Fly on the Wall—Beasts or Best in Class

Monkeys with smartphones, is that us?  Pressingly, is AU part of our cultural decline, where we sink to the level of proverbial beasts?  Eek!  Or, maybe digital devices themselves are the truly mindless animals that draw us down to their level?  The internet brings out the beast in so many of us; it’s as though the web grants its participants a temporary and false sense of society.  At a neurological and conscious level online interactions feel authentic but then, when that blue screen fades, we are left alone on our corner of the actually existing planet.

AU student life exhibits this virtual realm par excellence, or so it would seem.  Student life is a-temporal and asynchronous and geographically displaced from a common campus or even a common culture.  It’s as though we are all spectres haunting an invisible classroom; or, are our minds actually feeling all the same things other pupils experience?  In this sense our academic essence may reflect core societal beliefs of our time.  Like disembodied brains in vats of mystery fluid each of us imbibes the belief that knowledge and truth can be separated, distilled like a tincture, from a physical location.  Yet in the end we embody real animal essences and that includes our ideas; after all, if some of us isn’t part of the rest of us there’s something metaphysical going on that implies that we aren’t even who we think we are.

…and there we are!

Wherever we go in our minds do we not carry our human essence with us?  Beast or angel, our humanity carries waves of reality through all our interactions.  Consider the words of a fictional, but all too familiar, psychiatrist in the 1942 Hollywood film Cat People.  “Even as fog continues to lie in the valleys, so does ancient sin cling to the low places, the depressions in the world consciousness” (Ormsby, online).

In the end, what do we really learn?  Such a general question leads us to wonder about the assumptions that make knowledge even an imaginary possibility.  Just as computers have only some of the answers, and only in certain ways, our scholarly minds are also restricted above all by our human ability.  The old Jetsons cartoon had a wise robot who, stymied by an impossible calculation (in statistics a social science example is the impossibility of dividing a number, any number by, 0), would famously exclaim: “does not compute!”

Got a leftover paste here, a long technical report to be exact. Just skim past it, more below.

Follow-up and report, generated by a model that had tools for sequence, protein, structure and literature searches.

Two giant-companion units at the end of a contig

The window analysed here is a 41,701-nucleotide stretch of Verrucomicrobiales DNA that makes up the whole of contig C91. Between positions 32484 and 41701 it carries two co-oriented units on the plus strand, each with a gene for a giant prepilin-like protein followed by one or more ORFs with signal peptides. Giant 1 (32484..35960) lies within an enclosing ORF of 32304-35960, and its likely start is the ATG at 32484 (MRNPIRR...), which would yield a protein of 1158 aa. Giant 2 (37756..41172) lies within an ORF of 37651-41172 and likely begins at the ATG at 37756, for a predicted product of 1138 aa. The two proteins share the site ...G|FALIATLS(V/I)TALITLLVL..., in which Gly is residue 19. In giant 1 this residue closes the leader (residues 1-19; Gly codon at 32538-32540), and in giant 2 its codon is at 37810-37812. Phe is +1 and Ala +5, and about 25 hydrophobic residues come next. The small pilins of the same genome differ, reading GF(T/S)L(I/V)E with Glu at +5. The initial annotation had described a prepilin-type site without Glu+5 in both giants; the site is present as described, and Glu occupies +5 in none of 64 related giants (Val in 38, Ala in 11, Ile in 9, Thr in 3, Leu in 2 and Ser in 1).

And Now a Word from Baudrillard, Master Diagnostician of the Simulacra

Jean Baudrillard more recently noted a component of digital reality that we might miss as we inject our sense of self into the techno-proceedings: computers lack social sense in the way algorihtms and programs assert themselves.  “The computer has no other.  That is why the computer is not intelligent.  Intelligence comes to us from the other – always.  That is why the computers perform so well…Such is the power of abstraction.  Machines work more quickly because they are unlinked to any otherness.” (Baudrillard, 143).

Think of how social discourse takes the form of perceived truth even as many truths share space.  A person can have all the right answers, socially, and still fall flat in the rat race of popularity.  Likewise, ineffable data beyond data, facts beyond factuality, underpin so much of what we do as human animals.  Bruno Latour even suggests “if reading the daily paper is modern man’s form of prayer, then it is a very strange man indeed who is doing the praying today while reading about these mixed-up affairs.  All of culture and all of nature get churned up again every day” (Latour, 2).

Maybe that’s why class discussions and social media in common carry a certain sense of the absurd: from even a small distance discourse sounds like so many sniping monkeys arguing over so many trivial tidbits of knowledge and understanding.  It’s as though atavism, a return to imagined earlier and lower states of being, embodies the essence of discussions and maybe even of epistemology itself.  Anyone who’s signed up for an AU course they thought would be great and found that self-image and actual desire or ability were miles apart gets this.  We don’t always know what we know or how and often even our intuition is off base.  Happily, there’s no shame in withdrawing from a course in the first thirty days.  And to keep trucking through tough course material makes us stronger.

Unlike social media, academia teaches us to tame our beastly flight impulses when it comes to new and contrary ideas.  There’s a reason that so many essays invoke the mantra of compare and contrast.  To gain perspective is to gain the ability to learn, really learn.  And that is what separates us at AU from our more primal selves, the ones who secretly think at some level that they already have all the answers and merely require confirmation.

Baudrillard, J.  (1990/2009).  The Transparency of Evil: Essays on Extreme Phenomena.  (Trans.  James Benedict).  London & New York: Verso Books
Latour, B.  (1991/1993).  We Have Never Been Modern.  Cambridge, Massachusetts: Harvard University Press.
Ormsby, A.  (1942/2016).  Cat People.  Into the Trash: A Film Blog Duet.  Retrieved from
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